Note: This article originally appeared in the June 2020 issue of the Media Law Resource Center’s MediaLawLetter. It is published here with MLRC’s permission.
By Steve Zansberg
In the month following the shocking murder of George Floyd by Minneapolis police, hundreds of thousands of people have taken to the streets across America (and abroad) demanding major reforms in police practices.
At this writing, Congress continues its partisan squabbling over competing Senate and House police reform bills, both of which call for greater transparency in police discipline matters. (Compare H.R. 7120 and S. 3985.) In the interim, several states and cities have announced measures that radically overhaul police practices, including banning “choke holds,” (see, e.g., The cities, states and countries finally putting an end to police neck restraints), restricting other use of force, removing qualified immunity, and mandating greater transparency of police records (disciplinary files, body-worn camera recordings, and public registries of past officer offenders).
The impetus for greater transparency. Former police officer Derek Chauvin, who has been charged with Floyd’s murder, was the subject of eighteen prior complaints that were investigated by Minneapolis Police Department’s Internal Affairs Unit. The fact that he and other so-called “bad apples” remain on duty despite being the subject of numerous such investigation highlights the inability of the police to “police their own.” As a result, several lawmakers and other government leaders seized the opportunity to lift the veil on that system’s cloak of secrecy, (see, e.g., D.C.’s Bad Cops List Is Shrouded in Secrecy—and Could Be Impacting Criminal Cases), and to require the use of body-worn cameras and make those recordings available to the public.
Colorado quickly enacts sweeping police accountability legislation. Following a 10-week hiatus prompted by the COVID-19 pandemic, Colorado’s General Assembly resumed its 2019-2020 session on May 26, 2020, the day after George Floyd’s murder. The State Capitol immediately became the site of massive Black Lives Matter demonstrations during which the Capitol building was defaced with graffiti and vandalized. On Tuesday, June 2, Senate Bill 217, entitled “Enhance Law Enforcement Integrity” was introduced. The bill mandates sweeping reforms in police practices statewide, including barring chokeholds and the shooting of fleeing suspects. In one week, the bill passed all three readings in the Senate with bi-partisan support. The House of Representatives passed the bill on June 12 and Governor Jared Polis signed it into law on June 19.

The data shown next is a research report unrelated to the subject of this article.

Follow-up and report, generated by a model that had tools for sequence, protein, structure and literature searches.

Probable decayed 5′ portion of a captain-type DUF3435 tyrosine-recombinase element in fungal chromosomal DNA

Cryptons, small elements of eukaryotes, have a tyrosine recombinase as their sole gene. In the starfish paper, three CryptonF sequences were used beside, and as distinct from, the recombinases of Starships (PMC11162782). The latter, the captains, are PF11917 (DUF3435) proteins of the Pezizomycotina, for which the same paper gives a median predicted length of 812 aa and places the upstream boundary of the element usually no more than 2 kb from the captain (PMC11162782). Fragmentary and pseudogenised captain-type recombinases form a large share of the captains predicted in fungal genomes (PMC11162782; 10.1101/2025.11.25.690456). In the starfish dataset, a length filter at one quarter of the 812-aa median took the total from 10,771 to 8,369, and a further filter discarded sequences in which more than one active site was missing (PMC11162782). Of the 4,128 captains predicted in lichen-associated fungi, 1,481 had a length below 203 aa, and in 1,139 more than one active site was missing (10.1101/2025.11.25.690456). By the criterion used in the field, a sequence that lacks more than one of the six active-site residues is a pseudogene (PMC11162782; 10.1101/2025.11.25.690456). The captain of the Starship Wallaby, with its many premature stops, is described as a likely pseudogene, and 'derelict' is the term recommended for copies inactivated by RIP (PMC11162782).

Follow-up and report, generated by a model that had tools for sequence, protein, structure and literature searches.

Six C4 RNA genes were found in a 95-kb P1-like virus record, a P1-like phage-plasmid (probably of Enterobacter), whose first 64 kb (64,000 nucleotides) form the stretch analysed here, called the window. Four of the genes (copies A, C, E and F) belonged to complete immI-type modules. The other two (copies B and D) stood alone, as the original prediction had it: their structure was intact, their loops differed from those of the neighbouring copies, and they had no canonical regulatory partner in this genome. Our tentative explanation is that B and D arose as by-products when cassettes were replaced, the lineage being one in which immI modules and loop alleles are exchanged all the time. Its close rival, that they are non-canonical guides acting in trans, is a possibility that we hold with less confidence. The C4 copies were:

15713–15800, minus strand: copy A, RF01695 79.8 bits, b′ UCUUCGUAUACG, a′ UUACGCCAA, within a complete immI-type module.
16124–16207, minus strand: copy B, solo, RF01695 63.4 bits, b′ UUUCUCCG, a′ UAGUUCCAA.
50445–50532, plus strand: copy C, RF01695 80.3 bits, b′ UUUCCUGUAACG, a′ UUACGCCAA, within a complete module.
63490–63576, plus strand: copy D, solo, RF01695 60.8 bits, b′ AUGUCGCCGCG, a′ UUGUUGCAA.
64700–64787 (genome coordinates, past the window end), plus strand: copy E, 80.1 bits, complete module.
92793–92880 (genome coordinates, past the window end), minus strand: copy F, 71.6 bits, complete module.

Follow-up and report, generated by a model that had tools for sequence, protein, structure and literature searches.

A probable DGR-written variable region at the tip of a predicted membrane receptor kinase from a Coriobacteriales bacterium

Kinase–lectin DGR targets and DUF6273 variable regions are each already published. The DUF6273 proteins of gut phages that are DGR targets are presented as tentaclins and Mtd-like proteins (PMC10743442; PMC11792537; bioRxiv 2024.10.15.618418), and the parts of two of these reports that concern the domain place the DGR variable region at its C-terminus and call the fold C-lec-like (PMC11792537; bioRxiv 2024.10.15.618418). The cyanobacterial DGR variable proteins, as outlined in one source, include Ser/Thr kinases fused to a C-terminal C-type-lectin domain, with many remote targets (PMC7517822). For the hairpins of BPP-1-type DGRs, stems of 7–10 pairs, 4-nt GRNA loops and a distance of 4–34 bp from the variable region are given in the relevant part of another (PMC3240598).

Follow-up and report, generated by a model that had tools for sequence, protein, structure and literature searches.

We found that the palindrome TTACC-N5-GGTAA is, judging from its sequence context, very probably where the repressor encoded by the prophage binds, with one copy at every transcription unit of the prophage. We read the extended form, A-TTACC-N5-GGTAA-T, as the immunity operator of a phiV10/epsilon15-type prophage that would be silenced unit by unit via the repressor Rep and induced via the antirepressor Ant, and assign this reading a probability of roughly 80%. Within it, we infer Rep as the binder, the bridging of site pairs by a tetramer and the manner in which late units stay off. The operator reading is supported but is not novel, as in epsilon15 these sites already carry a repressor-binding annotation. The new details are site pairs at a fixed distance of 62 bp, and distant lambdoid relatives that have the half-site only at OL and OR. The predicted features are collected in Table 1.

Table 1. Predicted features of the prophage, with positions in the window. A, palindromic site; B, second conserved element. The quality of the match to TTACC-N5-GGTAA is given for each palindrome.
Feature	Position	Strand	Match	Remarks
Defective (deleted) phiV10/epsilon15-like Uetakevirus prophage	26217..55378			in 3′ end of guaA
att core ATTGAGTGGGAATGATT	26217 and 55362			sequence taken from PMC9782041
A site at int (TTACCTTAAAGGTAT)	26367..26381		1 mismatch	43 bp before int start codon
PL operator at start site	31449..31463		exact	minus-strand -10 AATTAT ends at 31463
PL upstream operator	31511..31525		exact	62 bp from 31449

In addition to its far-reaching reforms to police practices, the new law requires that all police officers and sheriff’s deputies wear body-worn cameras which must be activated whenever an officer interacts with a member of the public (or the officer faces sanctions, up to and including termination). Furthermore, the failure to record such an interaction will give rise to an adverse inference of police misconduct in any subsequent court proceeding. The bill requires the unedited video recordings of those interactions to be made available to the public within 21 days of the filing of a complaint regarding the police conduct at issue.
The new law thus complements and adds upon the dramatic change in Colorado law in 2019, when a coalition of public interest groups succeeded in passing legislation mandating the public release of completed internal affairs investigations files in all cases involving police interactions with members of the public. (See Polis signs legislation that opens records on police internal affairs investigations.)
New York repeals decades old statutory exemption for police disciplinary files. Following a week of sometimes violent protests, including numerous calls for greater transparency, on Saturday, June 6, Governor Andrew Cuomo announced his support for a measure to repeal Section 50-a of New York’s Civil Rights Act – the provision stating that “all personnel records used to evaluate performance toward continued employment or promotion [of police officers, corrections officers and firefighters]… are confidential and not subject to inspection or review” except by court order. (See Gov. Andrew M. Cuomo calls for police chokehold ban, 50-a repeal.) That provision had been on the books since 1976, and had withstood several past repeal efforts.